As virtual currencies have been gathering the attention of the public, financial regulators are also interested on them. This is the case of the Securities and Exchange Commission (SEC) that is trying to understand whether to consider Ethereum a security or not. But for William Mougayar, advisor at the Ethereum Foundation, the SEC lacks the fundamental knowledge of cryptocurrencies.
SEC Cannot Understand Ethereum
While talking with CNBC, Mougayar said that the Securities and Exchange Commission is not able to judge Ethereum because it does not have the fundamental understanding of cryptocurrencies.
Mr. Mougayar commented:
“The SEC still doesn’t understand what cryptocurrencies are. They haven’t fully educated themselves. They should focus on educating themselves instead of the public. Presently, they are just struggling with it and they see cryptocurrencies as securities. In reality, however, not everything is a security.”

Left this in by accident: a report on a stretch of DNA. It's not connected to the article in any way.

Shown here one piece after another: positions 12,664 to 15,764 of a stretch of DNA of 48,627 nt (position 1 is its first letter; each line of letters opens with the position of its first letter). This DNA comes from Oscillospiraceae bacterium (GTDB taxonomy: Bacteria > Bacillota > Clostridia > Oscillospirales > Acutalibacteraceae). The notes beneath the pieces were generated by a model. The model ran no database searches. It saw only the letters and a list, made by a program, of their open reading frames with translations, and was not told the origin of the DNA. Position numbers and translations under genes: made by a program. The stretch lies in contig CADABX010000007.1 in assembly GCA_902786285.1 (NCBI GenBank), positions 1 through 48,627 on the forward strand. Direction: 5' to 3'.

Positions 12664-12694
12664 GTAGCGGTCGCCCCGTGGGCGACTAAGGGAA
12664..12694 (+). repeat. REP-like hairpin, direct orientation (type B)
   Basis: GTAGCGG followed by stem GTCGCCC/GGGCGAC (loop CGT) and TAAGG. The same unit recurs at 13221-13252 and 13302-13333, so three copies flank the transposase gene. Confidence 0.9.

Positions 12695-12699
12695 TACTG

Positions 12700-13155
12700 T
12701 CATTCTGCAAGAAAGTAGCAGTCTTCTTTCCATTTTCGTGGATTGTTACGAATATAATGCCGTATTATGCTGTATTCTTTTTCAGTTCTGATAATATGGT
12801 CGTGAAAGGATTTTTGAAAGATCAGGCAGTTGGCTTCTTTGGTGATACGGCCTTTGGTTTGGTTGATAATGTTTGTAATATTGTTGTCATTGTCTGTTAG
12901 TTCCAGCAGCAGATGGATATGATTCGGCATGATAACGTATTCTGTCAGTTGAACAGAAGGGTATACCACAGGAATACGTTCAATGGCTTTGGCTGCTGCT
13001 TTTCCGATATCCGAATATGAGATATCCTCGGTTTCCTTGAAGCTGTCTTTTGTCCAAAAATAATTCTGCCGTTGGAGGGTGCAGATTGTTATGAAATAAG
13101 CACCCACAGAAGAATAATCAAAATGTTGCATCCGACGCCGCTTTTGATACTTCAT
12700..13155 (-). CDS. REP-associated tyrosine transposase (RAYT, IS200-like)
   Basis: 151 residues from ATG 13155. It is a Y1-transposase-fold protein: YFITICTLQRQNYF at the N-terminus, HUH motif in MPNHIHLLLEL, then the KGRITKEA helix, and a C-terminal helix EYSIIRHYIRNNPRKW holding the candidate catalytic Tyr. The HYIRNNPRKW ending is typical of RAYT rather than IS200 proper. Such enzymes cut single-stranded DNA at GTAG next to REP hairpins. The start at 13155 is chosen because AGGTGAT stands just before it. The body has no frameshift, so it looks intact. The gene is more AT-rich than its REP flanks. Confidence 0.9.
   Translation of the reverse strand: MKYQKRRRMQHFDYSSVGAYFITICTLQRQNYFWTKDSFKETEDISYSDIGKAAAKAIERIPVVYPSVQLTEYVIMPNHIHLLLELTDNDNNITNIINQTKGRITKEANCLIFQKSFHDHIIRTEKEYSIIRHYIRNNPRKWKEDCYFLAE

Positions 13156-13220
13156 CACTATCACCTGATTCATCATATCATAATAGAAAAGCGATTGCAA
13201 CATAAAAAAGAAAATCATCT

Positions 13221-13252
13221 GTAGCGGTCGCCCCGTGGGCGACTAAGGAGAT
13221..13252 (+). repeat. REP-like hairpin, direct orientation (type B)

He explained that the only reason why they want to classify cryptocurrencies as securities, is because in this way, they would be able to regulate them.
“The only reason why they want to classify cryptocurrencies as securities is so that they can regulate it. That’s the box the SEC plays in,” Mr. Mougayar said. “They want to force a square peg through a round hole.”
At the same time, he mentioned that Bitcoin and other virtual currencies will become a native currency online. About this, there was a reference to Jack Dorsey, CEO of Twitter, who stated that Bitcoin was going to become the native currency of the internet in the next years.
It is important to mark that he believes that Ethereum will overtake bitcoin in the future. Additionally, he commented that cryptocurrencies will reach their full potential once they will be used to solve real problems and not just as speculator instruments.
At the moment of writing this article, Ethereum (ETH) is the second most important virtual currency in the market after Bitcoin. It has a market capitalization of $70 billion dollars, and each Ether can be bought for $710 dollars.